Fathers Day Tribute: What I have learnt from Shane on how to be a better parent September 02 2015

Just the title of this blog will be enough to make my friends squirm. They'll think I was writing drunk or that Shane has hacked into my computer. For it only takes one visit to our house to work out who is the best at entertaining the kids (and consequently creating more chaos) and who keeps all the wheels turning (mostly in the right direction).

You see, Shane and I are very different. At least on the surface. Yin and Yang works well in a partnership but when it comes to parenting styles, we can be polar opposites.

Mrs Fun Police meets Mr Super Dad.

Many times I can be seen tearing my hair out when I have just got all four boys fed, bathed and calmed down ready for bed.....then the whirlwind that is Shane rolls through the door. 

Of course, the boys adore him. Relish every opportunity to join in his antics. They wait at the door like the most eager puppy dogs and everything that mum has managed to make happen throughout this day flies out the door with the peacefulness of the evening air. 

It can be very frustrating to live on the edge like this. To live with the prospect that my well laid plans can be over turned at any minute. But I know they are lucky to have him. Shane is tactile and hands on and all children need that. In my calmer moments I have reflected on what Mrs Fun Police can learn from Shane’s more relaxed style of parenting.

So here it is, I swallow my pride and I give you my list of the seven key lessons I have learnt from the silver lining that is Shane.

1. Always have a sense of humour.

Spilt milk, drawing on the walls, tomato sauce all over the homework, you name it, he can find humour in it. What’s done is done and although it normally takes me at least 24 hours to reflect on the episode with a grin, he and the boys seem to find most things funny immediately. As they say, laughter is the best medicine. 

2. Be in the moment. 

This is really important. When Shane is playing with the boys, it’s like he has put his blinkers on and can not see anything but them and their game in front of him. He ignores the clock, he ignores the dinner in the oven and he ignores any kind of conservative rules that may get in the way of their fun. We all know that in the busyness of our lives it is so important to live ‘in the moment’. Easier said than done, but it’s definitely worth a shot to master this skill.

3. Play like kids play.

For our boys, who are all eight years and under, this means be silly. Do not make up adult rules, shake off your inhibitions and be a kid. Choose games they love and get involved with all the enthusiasm you can muster. No matter how stupid you feel.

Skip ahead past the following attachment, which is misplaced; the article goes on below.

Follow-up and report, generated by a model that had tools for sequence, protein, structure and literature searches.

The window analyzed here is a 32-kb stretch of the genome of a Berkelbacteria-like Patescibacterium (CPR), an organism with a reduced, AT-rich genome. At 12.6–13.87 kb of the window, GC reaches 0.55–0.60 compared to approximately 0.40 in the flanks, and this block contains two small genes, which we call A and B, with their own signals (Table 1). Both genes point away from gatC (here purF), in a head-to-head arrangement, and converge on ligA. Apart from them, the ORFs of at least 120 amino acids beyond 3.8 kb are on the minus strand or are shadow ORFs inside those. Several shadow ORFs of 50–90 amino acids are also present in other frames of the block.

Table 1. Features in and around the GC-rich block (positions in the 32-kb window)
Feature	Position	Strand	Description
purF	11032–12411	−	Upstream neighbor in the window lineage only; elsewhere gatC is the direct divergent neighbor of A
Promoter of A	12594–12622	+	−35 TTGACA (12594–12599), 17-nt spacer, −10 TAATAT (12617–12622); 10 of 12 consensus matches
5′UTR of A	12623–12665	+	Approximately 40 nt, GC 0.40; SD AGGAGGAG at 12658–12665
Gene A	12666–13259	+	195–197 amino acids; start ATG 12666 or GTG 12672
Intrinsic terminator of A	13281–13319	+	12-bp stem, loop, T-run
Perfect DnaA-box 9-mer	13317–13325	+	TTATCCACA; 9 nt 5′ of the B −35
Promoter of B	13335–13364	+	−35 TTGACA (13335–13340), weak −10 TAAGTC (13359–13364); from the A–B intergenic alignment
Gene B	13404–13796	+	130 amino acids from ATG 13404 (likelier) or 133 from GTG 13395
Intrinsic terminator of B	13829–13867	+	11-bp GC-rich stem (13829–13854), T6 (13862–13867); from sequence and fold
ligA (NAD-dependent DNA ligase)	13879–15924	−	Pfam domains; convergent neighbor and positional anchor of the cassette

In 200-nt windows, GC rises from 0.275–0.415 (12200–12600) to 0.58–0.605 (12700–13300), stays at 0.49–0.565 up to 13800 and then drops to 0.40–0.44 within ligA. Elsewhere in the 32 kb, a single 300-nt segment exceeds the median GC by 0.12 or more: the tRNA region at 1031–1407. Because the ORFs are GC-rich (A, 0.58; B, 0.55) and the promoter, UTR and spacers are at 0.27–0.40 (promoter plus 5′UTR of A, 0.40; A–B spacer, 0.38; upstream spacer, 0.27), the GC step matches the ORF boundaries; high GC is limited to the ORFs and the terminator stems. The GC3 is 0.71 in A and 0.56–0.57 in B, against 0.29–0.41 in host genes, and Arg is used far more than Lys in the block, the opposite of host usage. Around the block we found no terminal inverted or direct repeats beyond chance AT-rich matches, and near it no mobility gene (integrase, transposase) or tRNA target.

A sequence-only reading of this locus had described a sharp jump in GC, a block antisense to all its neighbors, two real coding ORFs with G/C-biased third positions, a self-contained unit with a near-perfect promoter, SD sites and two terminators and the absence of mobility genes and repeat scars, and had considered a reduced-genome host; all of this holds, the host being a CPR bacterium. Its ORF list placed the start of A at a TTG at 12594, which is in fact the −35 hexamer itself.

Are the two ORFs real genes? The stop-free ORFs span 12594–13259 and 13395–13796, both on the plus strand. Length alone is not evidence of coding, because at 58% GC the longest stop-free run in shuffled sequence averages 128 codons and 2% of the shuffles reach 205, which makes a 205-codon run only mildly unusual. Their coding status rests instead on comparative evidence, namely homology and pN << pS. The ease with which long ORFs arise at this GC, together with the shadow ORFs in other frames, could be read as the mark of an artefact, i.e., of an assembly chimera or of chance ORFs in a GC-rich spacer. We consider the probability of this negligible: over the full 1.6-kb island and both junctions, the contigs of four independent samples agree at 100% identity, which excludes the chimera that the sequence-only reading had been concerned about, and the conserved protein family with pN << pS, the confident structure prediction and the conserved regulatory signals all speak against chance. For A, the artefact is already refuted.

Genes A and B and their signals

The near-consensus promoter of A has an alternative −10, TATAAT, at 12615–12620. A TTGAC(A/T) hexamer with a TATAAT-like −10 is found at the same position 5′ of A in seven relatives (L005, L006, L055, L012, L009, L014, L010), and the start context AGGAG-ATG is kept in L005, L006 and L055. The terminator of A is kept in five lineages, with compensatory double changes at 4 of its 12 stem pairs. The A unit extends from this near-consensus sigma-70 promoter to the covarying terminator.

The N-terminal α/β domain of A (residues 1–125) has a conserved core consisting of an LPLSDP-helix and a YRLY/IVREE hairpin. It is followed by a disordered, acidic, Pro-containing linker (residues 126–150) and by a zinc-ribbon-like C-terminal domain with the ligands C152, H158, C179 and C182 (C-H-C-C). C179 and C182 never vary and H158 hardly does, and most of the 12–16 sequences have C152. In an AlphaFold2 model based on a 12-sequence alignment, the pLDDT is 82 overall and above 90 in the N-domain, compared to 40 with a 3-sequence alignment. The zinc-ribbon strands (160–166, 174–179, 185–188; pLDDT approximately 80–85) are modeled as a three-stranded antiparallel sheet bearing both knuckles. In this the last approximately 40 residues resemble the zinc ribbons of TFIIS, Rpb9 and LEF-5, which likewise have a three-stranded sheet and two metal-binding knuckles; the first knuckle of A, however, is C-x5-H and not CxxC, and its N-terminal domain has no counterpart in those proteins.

4. Make a complete mess. 

It pains me to write this one and it is directly related to number two. Under no circumstances should you take your blinkers off and clean up as you go. Nor should you be sensible or practical in the types of household items you use in your games. The wetter and dirtier you get, the more fun will be had. The length and width of the trail of destruction, is directly proportionate to the amount of fun you have had. Suck it up. 

5. Be tactile.

With boys, there is always wrestling. For Shane and his friends this has continued into adulthood.  I don’t think it’s just a footy thing as I’ve also seen my brothers and brother in law give their old friends lots of cuddles (disguised as wrestles) especially when a few drinks are involved. My nieces love this too. There is a fine line between being too rough and not being tactile enough. You must never cross that line, but tickling, wizzy dizzy’s and throwing soft objects below head height are all encouraged in our house. 

6. Laugh. Laugh a lot. 

Hysterically giggle until you hyperventilate if possible. Don’t let the running around be the only reason that you are breathless.

and finally

7. Never stop before they do. 

It is vital to have boundless energy. Real or fake. Find some stamina because the ultimate man-child will never stop before their “victims” are happily scattered around the house exhausted. 

I am not saying that I have mastered these seven ways to be a more fun parent. And clearly, I do not adhere to these rules 24/7. But when the time comes to play, I think that everyone can learn a little from Shane. 

For when their childhood has passed I know that the routine, consistency and boundaries I have set will hopefully help make them into good, accountable men. Men who hopefully put women on a pedestal. But I also know that their childhood memories will probably be made more of Mr Super Dad than Mrs Fun Police. 

And I'm ok with that.

Olivia x